Restrictive operations: Stomach stapling (vertical banded gastroplasty) or gastric banding
Restrictive operations make the stomach smaller. With a smaller stomach, you will feel full a lot quicker than you are used to. This means that you will need to make big lifelong changes in how you eat—including smaller portion sizes and different foods—in order to lose weight. The most common restrictive surgery is adjustable gastric banding.
Stomach stapling (vertical banded gastroplasty)
In stomach stapling (vertical banded gastroplasty), an incision is made in the abdomen. Surgical staples and a plastic band are used to create a small pouch at the top of the stomach. This pouch is not completely closed off from the rest of the stomach. A small opening, about 0.25 in. (6 mm) across, allows the partially digested food to move into the rest of the stomach and then into the intestines. The size of the pouch is small enough that you can eat only 0.5 cup (118 mL) to 1 cup (237 mL) of food before feeling uncomfortable.
See a picture of stomach stapling.
In this operation, a small band is placed around the upper part of the stomach, creating a small pouch. As with stomach stapling, the small size of the pouch means that you feel full sooner. But the band can be adjusted in size by inflating or deflating the band. This allows the doctor to adjust the size of the opening between the pouch and the stomach.
See a picture of gastric banding.
These procedures can be done by making a large incision in the abdomen (an open procedure) or by making several small incisions and using small instruments and a camera to guide the surgery (laparoscopic approach).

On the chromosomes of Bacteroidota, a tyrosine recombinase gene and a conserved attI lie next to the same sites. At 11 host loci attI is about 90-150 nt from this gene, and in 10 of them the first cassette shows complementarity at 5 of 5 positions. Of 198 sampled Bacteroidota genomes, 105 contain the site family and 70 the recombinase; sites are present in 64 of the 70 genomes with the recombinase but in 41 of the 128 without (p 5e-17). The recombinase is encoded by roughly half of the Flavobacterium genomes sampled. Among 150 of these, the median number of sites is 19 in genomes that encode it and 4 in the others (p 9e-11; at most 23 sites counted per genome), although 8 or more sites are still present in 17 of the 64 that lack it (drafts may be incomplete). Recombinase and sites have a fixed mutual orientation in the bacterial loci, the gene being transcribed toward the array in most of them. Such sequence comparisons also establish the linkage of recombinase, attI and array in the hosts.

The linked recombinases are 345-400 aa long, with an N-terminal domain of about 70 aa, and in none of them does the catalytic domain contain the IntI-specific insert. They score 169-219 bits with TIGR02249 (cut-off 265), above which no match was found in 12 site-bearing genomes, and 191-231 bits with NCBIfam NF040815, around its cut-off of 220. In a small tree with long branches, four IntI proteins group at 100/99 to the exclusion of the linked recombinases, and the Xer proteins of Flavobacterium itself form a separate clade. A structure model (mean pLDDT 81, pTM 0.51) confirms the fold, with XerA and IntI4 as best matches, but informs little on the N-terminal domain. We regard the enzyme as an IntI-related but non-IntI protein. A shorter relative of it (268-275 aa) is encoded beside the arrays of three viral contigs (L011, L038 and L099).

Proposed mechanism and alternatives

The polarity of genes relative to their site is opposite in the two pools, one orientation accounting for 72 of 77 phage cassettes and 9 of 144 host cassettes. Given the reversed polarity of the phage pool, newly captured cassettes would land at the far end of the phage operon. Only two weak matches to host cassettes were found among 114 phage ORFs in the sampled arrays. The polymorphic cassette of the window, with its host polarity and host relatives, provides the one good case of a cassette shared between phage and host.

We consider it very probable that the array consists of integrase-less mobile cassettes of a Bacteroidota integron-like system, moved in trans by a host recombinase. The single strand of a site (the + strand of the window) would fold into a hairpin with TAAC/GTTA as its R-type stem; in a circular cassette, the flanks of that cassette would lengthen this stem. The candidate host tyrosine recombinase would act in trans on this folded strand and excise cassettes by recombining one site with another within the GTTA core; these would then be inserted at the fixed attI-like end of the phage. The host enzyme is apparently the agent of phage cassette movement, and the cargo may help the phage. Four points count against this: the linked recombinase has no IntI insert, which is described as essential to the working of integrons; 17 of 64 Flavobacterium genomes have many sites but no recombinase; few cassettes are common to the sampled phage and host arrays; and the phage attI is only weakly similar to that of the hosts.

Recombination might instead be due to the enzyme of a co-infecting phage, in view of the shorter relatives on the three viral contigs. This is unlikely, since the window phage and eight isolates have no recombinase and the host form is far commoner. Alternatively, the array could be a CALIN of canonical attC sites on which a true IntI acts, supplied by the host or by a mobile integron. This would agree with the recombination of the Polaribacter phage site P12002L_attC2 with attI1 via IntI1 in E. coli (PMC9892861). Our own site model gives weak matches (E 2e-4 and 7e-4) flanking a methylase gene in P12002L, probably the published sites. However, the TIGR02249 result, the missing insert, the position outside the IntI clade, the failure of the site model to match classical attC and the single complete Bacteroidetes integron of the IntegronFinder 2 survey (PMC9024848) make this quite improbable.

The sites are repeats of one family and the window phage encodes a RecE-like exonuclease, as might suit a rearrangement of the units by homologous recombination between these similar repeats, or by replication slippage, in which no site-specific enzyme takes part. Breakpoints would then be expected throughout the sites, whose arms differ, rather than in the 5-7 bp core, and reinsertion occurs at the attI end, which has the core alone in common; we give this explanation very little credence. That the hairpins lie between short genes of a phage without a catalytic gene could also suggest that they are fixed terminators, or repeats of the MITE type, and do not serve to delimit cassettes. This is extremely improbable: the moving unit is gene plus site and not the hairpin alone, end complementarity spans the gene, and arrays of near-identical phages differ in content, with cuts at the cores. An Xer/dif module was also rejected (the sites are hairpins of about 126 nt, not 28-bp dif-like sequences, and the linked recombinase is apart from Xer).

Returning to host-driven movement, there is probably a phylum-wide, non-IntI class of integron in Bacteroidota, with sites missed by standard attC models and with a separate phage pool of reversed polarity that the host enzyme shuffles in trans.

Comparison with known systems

What To Expect After Surgery
Most people can return to their normal activities in 3 to 5 weeks.
Preliminary studies note that gastric banding is associated with a short hospital stay, rapid recovery, and little risk of complications.1 But follow-up studies are needed.
After these operations, you will be able to eat only 1 cup (237 mL) or less of food at a time. You must be careful to chew food well and to stop eating when you feel full. This can take some adjustment, because you will feel full after eating much less food than you are used to eating. If you do not chew your food well or do not stop eating soon enough, you may feel discomfort or nausea and may sometimes vomit. If you drink a lot of high calorie liquid such as soda or fruit juice, you may not lose weight. If you continually overeat, the pouch may stretch. If the pouch stretches, you will not benefit from your surgery.
You may develop nutritional problems and need to take vitamins.
Why It Is Done
Although guidelines vary, surgery is generally considered when your body mass index is 40 or higher. Surgery may also be performed when your BMI is 35 or higher and you have a life-threatening or disabling condition that is related to your weight.
Your doctor may only consider doing surgery if you have not been able to lose weight with other treatments.
The following conditions may also be required or at least considered:
- You have been obese for at least 5 years.
- You have no history of alcohol abuse.
- You do not have untreated depression or another major emotional disorder.
- You are between 18 and 65 years of age.
All surgeries have risk, and it is important for you and your doctor to discuss your treatment options to decide what is best for your situation.
How Well It Works